Journalists arrested during Ferguson protests last year face charges

By Fred Mazelis
12 August 2015

Two reporters who were arrested a year ago on trumped up charges in connection with the protests over the police murder of Michael Brown in Ferguson, Missouri have now been formally charged with trespassing and interfering with police officers.

Wesley Lowery of the Washington Post and Ryan Reilly of the Huffington Post were arrested on August 13, 2014, four days after the death of Michael Brown, and in the midst of growing protests over the police killing. The two reporters were in a McDonald’s restaurant, a location used by many reporters covering the events in Ferguson. They were manhandled and arrested at the time, but soon released without charges.

Lowery has now received a summons ordering him to report to Municipal Court in Ferguson on August 24, under threat of arrest if he does not appear. Reilly is expected to receive the same summons. The charges are a brazen attack on the First Amendment right to freedom of the press, and have been widely condemned.

The trespass charge, filed almost one year after the incident, arises from the claim that the two men were allegedly in violation of the private property rights of the McDonald’s outlet. The accusation of interference with the police apparently reflects the claim that they did not move fast enough in response to orders from the cops to leave. In fact Lowery was arrested on his way out of the restaurant, after being pushed into a soda machine. Reilly’s head was shoved against glass.

For many months it appeared that no charges would be filed. Now, however, the St. Louis County authorities have acted within days of the expiration of the one-year statute of limitations.

Lowery has insisted from the date of the arrest that he was not in the wrong to even the slightest extent. In response to the formal charges, he stated, “Ryan and I have maintained for the last 358 days that we were exercising our Constitutionally-guaranteed right to do our jobs, and I will be happy to explain that in court.”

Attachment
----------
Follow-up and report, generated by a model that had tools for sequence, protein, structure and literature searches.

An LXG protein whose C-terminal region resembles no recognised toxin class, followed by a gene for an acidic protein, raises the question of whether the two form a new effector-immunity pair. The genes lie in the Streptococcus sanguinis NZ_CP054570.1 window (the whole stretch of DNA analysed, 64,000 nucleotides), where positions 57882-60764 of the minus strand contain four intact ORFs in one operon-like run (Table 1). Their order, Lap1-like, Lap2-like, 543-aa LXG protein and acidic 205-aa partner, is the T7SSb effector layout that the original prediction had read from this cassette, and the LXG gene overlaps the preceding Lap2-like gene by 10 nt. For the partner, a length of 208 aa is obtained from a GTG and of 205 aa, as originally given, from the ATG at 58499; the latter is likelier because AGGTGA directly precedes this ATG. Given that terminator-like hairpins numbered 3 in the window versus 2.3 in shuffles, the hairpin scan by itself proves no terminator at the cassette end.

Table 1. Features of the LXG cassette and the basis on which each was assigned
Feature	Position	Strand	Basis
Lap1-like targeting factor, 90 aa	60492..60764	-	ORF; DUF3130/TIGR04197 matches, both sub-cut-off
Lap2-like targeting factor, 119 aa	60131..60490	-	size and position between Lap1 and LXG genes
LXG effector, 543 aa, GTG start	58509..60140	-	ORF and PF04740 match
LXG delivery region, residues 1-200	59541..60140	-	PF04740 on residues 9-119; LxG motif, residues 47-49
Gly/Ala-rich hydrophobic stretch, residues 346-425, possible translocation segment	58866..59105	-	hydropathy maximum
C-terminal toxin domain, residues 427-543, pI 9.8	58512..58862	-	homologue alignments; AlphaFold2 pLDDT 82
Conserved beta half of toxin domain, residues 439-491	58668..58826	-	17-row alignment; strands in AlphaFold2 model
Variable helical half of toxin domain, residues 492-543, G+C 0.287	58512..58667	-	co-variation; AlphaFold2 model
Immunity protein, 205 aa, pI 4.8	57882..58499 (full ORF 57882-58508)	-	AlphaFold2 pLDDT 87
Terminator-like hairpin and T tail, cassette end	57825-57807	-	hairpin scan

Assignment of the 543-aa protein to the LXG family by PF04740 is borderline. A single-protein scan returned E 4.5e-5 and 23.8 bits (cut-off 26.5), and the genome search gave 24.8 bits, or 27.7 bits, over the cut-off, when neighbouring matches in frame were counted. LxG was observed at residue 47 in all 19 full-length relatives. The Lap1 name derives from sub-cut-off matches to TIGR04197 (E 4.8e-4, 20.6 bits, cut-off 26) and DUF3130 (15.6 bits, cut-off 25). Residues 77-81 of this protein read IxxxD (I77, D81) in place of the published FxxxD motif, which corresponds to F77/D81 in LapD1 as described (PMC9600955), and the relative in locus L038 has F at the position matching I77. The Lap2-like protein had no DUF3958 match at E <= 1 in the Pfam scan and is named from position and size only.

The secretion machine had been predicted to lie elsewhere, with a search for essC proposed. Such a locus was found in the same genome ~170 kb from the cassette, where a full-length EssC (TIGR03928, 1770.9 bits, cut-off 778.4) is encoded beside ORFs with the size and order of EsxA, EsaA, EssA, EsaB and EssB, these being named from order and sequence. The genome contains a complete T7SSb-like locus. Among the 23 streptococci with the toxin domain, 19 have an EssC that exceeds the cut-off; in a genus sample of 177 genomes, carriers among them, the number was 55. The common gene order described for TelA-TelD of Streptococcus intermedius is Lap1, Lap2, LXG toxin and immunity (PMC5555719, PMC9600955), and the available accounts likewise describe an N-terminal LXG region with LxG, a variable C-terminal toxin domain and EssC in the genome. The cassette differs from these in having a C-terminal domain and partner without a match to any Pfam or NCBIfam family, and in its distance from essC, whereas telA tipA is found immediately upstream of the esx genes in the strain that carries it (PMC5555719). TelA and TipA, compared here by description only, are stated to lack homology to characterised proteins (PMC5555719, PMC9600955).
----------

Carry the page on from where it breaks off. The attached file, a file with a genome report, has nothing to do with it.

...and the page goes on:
Washington Post editor Martin Baron issued a statement calling the charges against Lowery and Reilly “contemptible overreaching.” The Huffington Post Washington DC bureau chief declared, “A crime was committed at the McDonald’s, not by journalists, but by the local police who assaulted both Ryan and Wes Lowery of the Washington Post during violent arrests. At least we know Ferguson knows how to file charges,” he added. “If Wes Lowery and Ryan Reilly can be charged like this with the whole country watching, just imagine what happens when nobody is.”

The charges, filed against reporters from major media outlets, are part of the deepening assault on freedom of the press in the US as part of a broader assault on democratic rights. The killing of Michael Brown, along with that of Eric Garner in the borough of Staten Island in New York City, triggered a wave of anger over police violence and the underlying inequality enforced by the virtual police occupation of poor working class communities across the US. Protests against police abuse and killings have continued ever since, with several hundred arrests taking place in Ferguson in the last few days as thousands mark the anniversary of the death of Michael Brown.

The US government repeatedly points to attacks on journalists in other parts of the world, while similar assaults on basic democratic rights are taking place at home. The St. Louis authorities and major sections of the ruling class represented within the state apparatus are trying to intimidate journalists precisely because they know that far larger protests and struggles are in the offing.